Vanishing Stories on Cell Phones–now you see them now you don’t

I woke up this morning to a remarkable front page story on Yahoo.com, featuring Dr. David Carpenter, former Dean of Public Health at Albany and Cindy Sage, electromagnetic(EMF) health expert, co-editors of the major report on EMF, www.bioinitiative.com NEW HEALTH WORRIES ABOUT MOBILE DEVICES Can Cause DNA Damage Quoting each of them at some length, the story noted the growing evidence that cellphone radiation from smartphones can cause irreparable genetic damage, even though it is non-ionizing. The absence of a brain cancer epidemic from phones today is hardly proof that phones are safe, the article explained. After the atomic bombings ended World War Two, no detectable increase in brain cancer occurred until forty years later. By 8:30, the story was gone. Perhaps I’d been dreaming?

The reluctance to acknowledge that this handy essential device should be used cautiously was something I once shared with much of the world. I wrote my book Disconnect–the truth about cell phone radiation–only after a painstaking review of other national actions revealed the case for precaution. The only indication I have that this YAHOO story was not a dream is this screenshot of its front page from early this morning. 
Screenshot of Yahoo Home Page 7:15 AM 12/3/10

What happened? I guess that’s for Yahoo to know and the rest of us to wonder. The story cannot be found anywhere on its site.

Something similar occurred with TIME magazine, where the online edition of October 26, 2010, featured
this story entitled “Pocket Watch” by Michael Scherer which as of the writing of this blog, December 3, 2010, 6:00 P.M. included this opening section http://www.time.com/time/nation/article/0,8599,2027523,00.html:

“We are a nation grown numb to the seemingly endless fine print that accompanies our purchases. But every now and then a product is sold with a warning that should command attention. Consider the little-noticed bit of legalese that comes in the safety manual for Apple’s iPhone 4: “When using iPhone near your body for voice calls or for wireless data transmission over a cellular network, keep iPhone at least 15 mm (5/8 inch) away from the body, and only use carrying cases, belt clips, or holders that do not have metal parts and that maintain at least 15 mm (5/8 inch) separation between iPhone and the body,” the warning reads.

Similar warnings against carrying cellular and smart phones in a closely sewn pocket show up throughout the industry. The safety manual for Research in Motion’s BlackBerry 9000 phone tells users that they may violate Federal Communications Commission (FCC) guidelines for radio-frequency energy exposure by carrying the phone outside a holster and within 0.98 inches (2.5 cm) of their body. The safety manual of the Motorola W180 phone tells users to always keep the active device one full inch away from their body, if not using a company-approved “clip, holder, holster, case or body harness.”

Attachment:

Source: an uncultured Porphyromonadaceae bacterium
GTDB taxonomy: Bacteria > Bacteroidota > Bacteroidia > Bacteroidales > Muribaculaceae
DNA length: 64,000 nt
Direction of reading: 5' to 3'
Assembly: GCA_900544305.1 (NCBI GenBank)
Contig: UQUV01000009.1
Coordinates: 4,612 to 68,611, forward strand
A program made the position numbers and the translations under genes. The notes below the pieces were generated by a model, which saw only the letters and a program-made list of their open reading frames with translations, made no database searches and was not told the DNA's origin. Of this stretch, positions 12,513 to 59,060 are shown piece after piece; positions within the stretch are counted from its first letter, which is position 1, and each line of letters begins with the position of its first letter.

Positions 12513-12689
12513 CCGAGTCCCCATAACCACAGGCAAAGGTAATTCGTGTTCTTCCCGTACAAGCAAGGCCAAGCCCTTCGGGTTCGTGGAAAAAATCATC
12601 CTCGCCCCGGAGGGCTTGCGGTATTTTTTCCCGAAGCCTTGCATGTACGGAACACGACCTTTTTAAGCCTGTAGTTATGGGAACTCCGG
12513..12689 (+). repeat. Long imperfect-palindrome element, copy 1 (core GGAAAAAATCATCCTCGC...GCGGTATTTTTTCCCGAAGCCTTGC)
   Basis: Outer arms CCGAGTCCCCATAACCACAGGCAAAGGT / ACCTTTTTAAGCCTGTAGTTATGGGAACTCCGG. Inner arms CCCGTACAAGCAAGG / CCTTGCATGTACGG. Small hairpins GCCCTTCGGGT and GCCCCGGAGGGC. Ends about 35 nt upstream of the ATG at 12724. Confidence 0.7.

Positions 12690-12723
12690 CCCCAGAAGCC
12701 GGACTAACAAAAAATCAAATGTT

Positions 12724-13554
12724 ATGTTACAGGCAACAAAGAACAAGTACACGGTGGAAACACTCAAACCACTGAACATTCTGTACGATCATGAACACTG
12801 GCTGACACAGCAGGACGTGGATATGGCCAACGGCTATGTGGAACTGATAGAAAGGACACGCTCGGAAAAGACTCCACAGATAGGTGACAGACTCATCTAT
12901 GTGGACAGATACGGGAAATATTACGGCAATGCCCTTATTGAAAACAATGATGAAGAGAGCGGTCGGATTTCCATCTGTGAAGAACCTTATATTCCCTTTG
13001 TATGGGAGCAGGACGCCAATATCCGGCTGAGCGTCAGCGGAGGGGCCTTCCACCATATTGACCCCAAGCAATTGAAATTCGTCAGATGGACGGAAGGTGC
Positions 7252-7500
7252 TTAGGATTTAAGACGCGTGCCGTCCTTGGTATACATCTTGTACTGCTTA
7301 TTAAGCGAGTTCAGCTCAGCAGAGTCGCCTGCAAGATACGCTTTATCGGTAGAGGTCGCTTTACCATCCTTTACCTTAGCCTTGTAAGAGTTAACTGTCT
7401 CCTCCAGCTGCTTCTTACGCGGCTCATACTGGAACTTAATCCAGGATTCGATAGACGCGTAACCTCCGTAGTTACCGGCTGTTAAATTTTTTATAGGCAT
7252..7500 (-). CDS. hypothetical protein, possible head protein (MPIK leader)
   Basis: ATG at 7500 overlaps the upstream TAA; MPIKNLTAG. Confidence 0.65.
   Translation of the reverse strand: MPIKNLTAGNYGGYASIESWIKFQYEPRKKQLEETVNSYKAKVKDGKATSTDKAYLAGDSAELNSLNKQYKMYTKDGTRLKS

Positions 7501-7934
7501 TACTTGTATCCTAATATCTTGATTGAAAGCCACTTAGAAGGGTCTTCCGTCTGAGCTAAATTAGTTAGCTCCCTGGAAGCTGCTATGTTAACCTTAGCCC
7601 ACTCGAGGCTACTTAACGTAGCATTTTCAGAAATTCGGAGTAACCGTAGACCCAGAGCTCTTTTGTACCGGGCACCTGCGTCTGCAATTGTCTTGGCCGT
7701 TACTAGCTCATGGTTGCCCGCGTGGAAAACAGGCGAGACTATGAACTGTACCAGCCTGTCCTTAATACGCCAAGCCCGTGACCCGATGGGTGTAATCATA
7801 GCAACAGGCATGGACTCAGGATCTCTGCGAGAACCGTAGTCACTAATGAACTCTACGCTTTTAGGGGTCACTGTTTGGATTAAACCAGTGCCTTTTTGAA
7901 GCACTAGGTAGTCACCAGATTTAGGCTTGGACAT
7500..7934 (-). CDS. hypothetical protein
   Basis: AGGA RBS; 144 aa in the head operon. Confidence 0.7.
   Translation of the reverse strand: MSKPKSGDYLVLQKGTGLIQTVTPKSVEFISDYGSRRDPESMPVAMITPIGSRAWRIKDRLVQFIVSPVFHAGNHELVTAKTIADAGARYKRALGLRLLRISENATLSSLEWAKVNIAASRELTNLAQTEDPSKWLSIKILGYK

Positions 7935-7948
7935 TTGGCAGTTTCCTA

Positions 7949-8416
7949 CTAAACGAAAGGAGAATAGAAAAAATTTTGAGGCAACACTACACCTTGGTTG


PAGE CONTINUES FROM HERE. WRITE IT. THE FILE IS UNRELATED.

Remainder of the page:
“Skeptics of the safety of cellular phones have seized upon these warnings as evidence that the ubiquitous devices may be exposing Americans to far more radiation than regulators measure. “Nobody is watching,” says Devra Davis, the author of a new book called Disconnect: The Truth About Cell Phone Radiation, What the Industry Has Done to Hide It, and How to Protect Your Family. “Is the law broken if something is so complicated that nobody notices?”

“The answer, like the fine-print warnings themselves, is complicated, and likely has as much to do with corporate concerns over legal compliance as it does with health, given the current body of scientific knowledge. “The companies want to legally protect themselves,” says Robert Cleveland Jr., a former FCC official who worked on setting the current cellular-phone radio-frequency standard.”

“The warnings stem from an odd quirk in federal testing procedures designed to ensure the safety of cellular phones. In 2001, the FCC released a set of guidelines for manufacturers that required all cell phones sold in the U.S. to emit a specific absorption rate (SAR) of not more than 1.6 watts of radio-frequency energy per kilogram of body tissue, a standard deemed safe given the state of scientific knowledge about thermal harm from radio-frequency waves. The standard was considered a so-called worst-case scenario, accounting for the energy emitted when the phone was transmitting at full power all of its various signals — such as Bluetooth, wi-fi and cellular.”